Without question, one of the highlights of the 2019 season was June 20, when Adbert Alzolay dazzled for four innings in his Major League debut. For a brief moment in time, it seemed like that long-awaited homegrown pitcher had been found.
It even gave us some in-season joy and hilarity:
And then, as was apropos for the 2019 Cubs season, it all came crashing down 11 days later in Pittsburgh, where he may or may not have been tipping pitches, but either way got totally blown up.
Alzolay’s season never quite recovered, as he’d hit the IL two weeks later with a biceps injury, before making six short starts in Iowa during August. The Cubs shut him down after just one relief appearance in September, ending his season with 81.2 innings. This comes after 39.2 innings in a 2018 season that was foiled by a lat injury.
So we arrive into 2019 with a really similar question that we had one year ago: how much longer can hope survive that Alzolay could be a starting pitcher? Tony Andracki at NBC Sports Chicago covered this subject yesterday, with Jed Hoyer at least suggesting there’s more fluidity in Alzolay’s role than there’s been in the past: “I have no doubt that he can contribute to our team next year. In what role, I don’t know yet. But I think roles are a little bit more fluid in baseball now pitching-wise. It could be as a reliever, starter, multi-inning reliever – who knows.”
Alzolay is down to one minor league option remaining, so if we assume that will be used up in 2020 (meaning he spends at least 20 days in the minors), he would enter 2021 without the ability of being sent to Iowa. By then, the Cubs will want to have all questions answered about Alzolay’s standing in the organization. Does he belong in the big leagues? And, if so, in what role?
(This, by the way, is why I have wondered if Alzolay might be the most likely prospect to be traded if the Cubs make one of those trades this winter. If they see him trending towards reliever, but another organization values him as a starter, that disparate value might benefit the Cubs in a trade. Your mileage may vary on that logic.)
It’s also true that Alzolay’s development is not done yet. He showed enough stuff in his big league cups of coffee that I have faith Alzolay can have success as a Major League pitcher. His changeup, for instance, was never better than in Chicago. It was, per FanGraphs, the 37th most valuable changeup in baseball on a per-pitch basis, among pitchers with 10 MLB innings or more.
What confuses me, and I think will be coaches’ greatest point of focus this spring, was that his curveball didn’t play in the Majors like I thought it would. Alzolay can spin a curveball north of 3000 RPM – the elite number – but we didn’t see a ton of this with Chicago:
I think about Adbert Alzolay’s curveballs from this one start a lot. pic.twitter.com/wNhH81Tadg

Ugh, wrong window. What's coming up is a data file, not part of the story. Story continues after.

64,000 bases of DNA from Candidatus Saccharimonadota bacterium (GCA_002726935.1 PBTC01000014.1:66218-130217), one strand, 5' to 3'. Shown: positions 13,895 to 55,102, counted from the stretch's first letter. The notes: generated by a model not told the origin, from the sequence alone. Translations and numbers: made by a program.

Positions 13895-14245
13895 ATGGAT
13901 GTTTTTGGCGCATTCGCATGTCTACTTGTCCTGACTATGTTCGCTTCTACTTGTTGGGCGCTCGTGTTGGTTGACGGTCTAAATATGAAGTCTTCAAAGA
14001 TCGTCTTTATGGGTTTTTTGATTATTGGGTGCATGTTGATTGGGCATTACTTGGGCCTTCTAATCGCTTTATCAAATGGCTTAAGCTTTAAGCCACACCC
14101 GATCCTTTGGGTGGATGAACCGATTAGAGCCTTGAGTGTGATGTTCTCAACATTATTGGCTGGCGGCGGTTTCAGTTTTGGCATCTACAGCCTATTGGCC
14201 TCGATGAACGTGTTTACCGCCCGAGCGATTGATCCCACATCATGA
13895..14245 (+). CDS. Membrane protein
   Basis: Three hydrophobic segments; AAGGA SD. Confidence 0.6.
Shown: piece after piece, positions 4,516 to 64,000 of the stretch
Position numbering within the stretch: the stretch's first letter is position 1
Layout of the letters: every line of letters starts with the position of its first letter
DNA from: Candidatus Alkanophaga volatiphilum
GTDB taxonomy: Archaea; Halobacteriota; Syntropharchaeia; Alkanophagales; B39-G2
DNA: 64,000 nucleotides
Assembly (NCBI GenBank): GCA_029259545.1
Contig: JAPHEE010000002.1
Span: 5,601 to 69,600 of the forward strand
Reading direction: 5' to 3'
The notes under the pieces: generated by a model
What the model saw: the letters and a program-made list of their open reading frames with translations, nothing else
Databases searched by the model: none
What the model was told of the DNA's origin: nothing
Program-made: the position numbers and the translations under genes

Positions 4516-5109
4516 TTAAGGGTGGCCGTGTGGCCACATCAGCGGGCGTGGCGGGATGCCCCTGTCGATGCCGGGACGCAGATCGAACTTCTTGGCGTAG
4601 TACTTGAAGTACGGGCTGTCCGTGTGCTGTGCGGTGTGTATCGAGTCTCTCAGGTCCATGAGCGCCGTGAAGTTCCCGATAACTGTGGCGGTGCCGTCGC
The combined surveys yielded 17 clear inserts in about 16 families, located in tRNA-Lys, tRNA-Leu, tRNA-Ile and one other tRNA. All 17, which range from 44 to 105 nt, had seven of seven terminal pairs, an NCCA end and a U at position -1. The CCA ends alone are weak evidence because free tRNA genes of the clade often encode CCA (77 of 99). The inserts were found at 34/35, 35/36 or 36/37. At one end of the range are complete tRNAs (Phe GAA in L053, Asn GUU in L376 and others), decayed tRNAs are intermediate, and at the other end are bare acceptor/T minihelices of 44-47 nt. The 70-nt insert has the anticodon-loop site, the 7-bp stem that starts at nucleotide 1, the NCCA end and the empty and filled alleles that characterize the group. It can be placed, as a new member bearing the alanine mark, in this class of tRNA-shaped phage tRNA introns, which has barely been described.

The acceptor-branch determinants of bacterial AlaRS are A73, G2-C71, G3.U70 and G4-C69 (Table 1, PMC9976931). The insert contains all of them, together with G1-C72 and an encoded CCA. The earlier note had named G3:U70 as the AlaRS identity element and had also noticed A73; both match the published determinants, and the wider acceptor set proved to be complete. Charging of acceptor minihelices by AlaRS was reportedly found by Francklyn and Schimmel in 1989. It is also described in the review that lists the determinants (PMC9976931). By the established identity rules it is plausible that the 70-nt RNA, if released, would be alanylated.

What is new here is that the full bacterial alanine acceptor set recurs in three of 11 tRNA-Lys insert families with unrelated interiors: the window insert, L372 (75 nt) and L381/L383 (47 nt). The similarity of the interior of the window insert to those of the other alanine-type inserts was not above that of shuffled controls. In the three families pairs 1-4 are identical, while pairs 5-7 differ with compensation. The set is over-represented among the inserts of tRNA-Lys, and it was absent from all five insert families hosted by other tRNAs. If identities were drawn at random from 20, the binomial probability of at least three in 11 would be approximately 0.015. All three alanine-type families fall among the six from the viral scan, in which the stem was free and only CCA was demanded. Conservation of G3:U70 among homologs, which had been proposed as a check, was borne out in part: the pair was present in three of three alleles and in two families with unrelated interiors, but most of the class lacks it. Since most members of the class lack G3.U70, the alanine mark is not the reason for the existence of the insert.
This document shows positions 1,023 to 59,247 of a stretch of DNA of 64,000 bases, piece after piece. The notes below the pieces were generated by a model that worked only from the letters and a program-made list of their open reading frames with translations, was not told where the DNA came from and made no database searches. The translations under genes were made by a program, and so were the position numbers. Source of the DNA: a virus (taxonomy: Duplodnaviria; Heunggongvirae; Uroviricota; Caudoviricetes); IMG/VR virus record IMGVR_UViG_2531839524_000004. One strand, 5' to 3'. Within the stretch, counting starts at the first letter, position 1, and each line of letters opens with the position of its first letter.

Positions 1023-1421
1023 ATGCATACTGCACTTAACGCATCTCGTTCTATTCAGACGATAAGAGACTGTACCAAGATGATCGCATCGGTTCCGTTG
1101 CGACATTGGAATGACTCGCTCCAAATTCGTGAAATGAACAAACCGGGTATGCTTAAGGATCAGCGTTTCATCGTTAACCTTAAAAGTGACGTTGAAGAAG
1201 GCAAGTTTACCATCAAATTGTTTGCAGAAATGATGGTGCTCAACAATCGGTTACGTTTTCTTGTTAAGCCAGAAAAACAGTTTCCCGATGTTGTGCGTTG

— Cubs Prospects – Bryan Smith (@cubprospects) December 18, 2019
The specific outing in that video, May 27 against New Orleans, was the best Alzolay’s curveball looked all season. Jason McLeod and Theo Epstein talked about watching it during amateur draft preparation, and I think it’s a big reason why Alzolay’s 32.3 K% in Iowa in 2019 was the highest number he posted at any stop in his minor league career by eight percent.
You wonder why that seemed to go away in the big leagues, and of course, you wonder if it had to do with any of the injuries or lack of innings build-up in years past.
Even if injuries/endurance had nothing to do with it, the curveball still needs work. When Alzolay gets into the Pitch Lab this spring, I think the question will be how to optimize the curveball for more consistency and more depth. Per Brooks Baseball, Alzolay’s curve had 2.3 inches of vertical movement, which is not a good number. In fact, 78% of Major League right-handed pitchers have more drop on their curveballs.
The question the big league coaches will have to answer is how to turn Alzolay’s ability to spin into more success. Baseball Savant gives us this chart, which tells us the “active spin” of each of his pitches. Think of this as an efficiency number, and you’ll see how Alzolay’s curve lags behind:
If that puzzle can be solved, and Alzolay’s curve can be the out pitch I believe it can be, his Major League upside is significant, thanks to the changeup and the excellent four-seamer. He can be a late-inning reliever, and I’m also intrigued by his potential as a multi-inning opener. But with a plus curveball in the mix, I also think the starter potential still remains (the question would be endurance). More from Jed Hoyer to Tony Andracki:
“We see him as a guy who can do both,” Hoyer said last month. “He can certainly be a starter, but also has an ability with his stuff ticking up out of the bullpen to be a guy that can lock down important innings in the bullpen. We’re unclear right now what role we’ll have him in. We’ll have those discussions with him this winter, but we’re totally comfortable with him doing either one.”
The Cubs are right to enter 2020 not ready to put Alzolay into a specific box. But the clock is on everybody involved – the front office, the coaches, and Alzolay himself – to get things locked down. Big year ahead.